Grace Bertelli’s article, The Classics Major is Classist has been a controversial topic among Classicists lately. While the iron is hot, I will explain why I, as someone outside of academia, sympathize but ultimately disagree with Bertelli’s conclusion that Classics is uniquely classist.
I attended a middling state university with a tiny Classics department, and until my sophomore year, it had never really occurred to me that people made a living reading ancient languages. Indeed, I only took my Introduction to Classical Literature survey course that year because the books were cheap, and I began the study of ancient languages only in my junior year. Poverty led me to Classics. I almost never admit publicly that I dropped out of school in 7th grade. My admission to college was based largely on a wide bit of discursive reading I did when I was 15, so I had substantial gaps in my education and feel, to this day, that I am always racing to remedy some of my more grievous educational deficiencies. In sum, I am not the ‘model’ Classics student, who arrives as an undergraduate with grounding in Latin, (maybe) Greek, and (possibly) French or German. My introductory Latin classes were self-paced (University jargon for ‘self-taught’), and all I learned of Greek in a formal setting was the declensions, and a few tenses of the verb. I encountered several people who had experience with Latin from high school (some had a full four years), but this did not make for an unbridgeable gap. I have a fairly middling intellect, but at that time, I realized that I wanted to know ancient languages more than anything in the world.
Any serious academic discipline will require substantial amounts of labor and soul-crushing toil. A student who wants to major in Physics will be expected to have a thoroughgoing grasp of Calculus before taking even an introductory physics course. Many of my pre-med friends were told, in Introduction to Biology, that if they didn’t already know most of the material in the course before enrolling, then they were already hopelessly behind and unlikely to succeed in medicine or the biosciences. There may be no posted/formal prerequisites for majoring in English or History, but a high degree of literacy and writing ability are presupposed, and it is likely that for every reefer-addled burnout who ostentatiously reads On the Road on the campus lawn, there is also a student who more or less knows all of Shakespeare by heart by the time she takes Introduction to British Literature in freshman year. (These are examples I draw people I knew, not idle fabrications.) My Latin professor once told me that he felt almost impossibly inferior to his roommate in college who, under the old British model, had been doing Latin and Greek prose composition since his early boyhood. In sum, it is not enough simply to point to the existence of prerequisites and better-prepared students if you wish to prove that Classics as a whole is classist, because these are problems which affect every academic discipline. Every serious discipline has apparently insurmountable hoops to jump over, and every serious discipline has its hyper-advanced students.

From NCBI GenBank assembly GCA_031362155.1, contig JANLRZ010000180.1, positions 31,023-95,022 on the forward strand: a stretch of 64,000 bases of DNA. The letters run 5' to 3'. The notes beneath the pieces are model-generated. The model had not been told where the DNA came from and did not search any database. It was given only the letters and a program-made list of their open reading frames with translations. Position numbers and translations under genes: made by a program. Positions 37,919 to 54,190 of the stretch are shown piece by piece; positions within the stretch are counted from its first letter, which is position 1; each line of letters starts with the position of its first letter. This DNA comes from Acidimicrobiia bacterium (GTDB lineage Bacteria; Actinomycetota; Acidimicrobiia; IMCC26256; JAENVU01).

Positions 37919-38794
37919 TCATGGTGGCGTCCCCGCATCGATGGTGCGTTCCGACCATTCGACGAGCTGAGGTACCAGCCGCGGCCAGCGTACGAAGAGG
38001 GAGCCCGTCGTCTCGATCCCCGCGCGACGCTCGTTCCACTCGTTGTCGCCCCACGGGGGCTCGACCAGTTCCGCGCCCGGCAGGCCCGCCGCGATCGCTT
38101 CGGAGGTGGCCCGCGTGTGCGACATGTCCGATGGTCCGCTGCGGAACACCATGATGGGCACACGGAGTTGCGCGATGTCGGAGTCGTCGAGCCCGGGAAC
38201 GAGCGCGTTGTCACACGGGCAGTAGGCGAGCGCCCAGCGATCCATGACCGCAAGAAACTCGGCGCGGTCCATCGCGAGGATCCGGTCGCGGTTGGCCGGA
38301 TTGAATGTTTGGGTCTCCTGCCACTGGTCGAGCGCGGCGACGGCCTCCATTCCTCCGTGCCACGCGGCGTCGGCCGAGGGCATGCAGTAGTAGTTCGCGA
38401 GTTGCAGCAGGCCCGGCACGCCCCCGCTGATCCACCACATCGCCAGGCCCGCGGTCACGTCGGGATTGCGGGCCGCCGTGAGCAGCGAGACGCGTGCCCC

Classics itself is not classist – America is. [I write this from an American perspective.] The class system in this country is so vicious because it is not couched in all of the old Medieval trappings of the landed aristocracy. We never call anyone (except Jesus!) ‘Lord’ in America, but the sycophantic deference paid to those with access to capital here surely trumps any honorific titles. One’s socioeconomic fate is in most cases determined by the time of conception, but because access to the upper classes is not restricted by blood, each person here can theoretically become a flake on the old upper crust. In practice, this rarely happens. In practice, a student born into a low-income family in an impoverished neighborhood will attend underfunded schools, limiting their enrichment opportunities all through life, and will consequently have more limited options for college. I teach at a public high school which offers Latin, but another high school campus in the same school district – only five miles away – does not. What is the difference? Money – just money. In America, we don’t have barons, earls, and dukes – we have millionaires, multi-millionaires, and billionaires.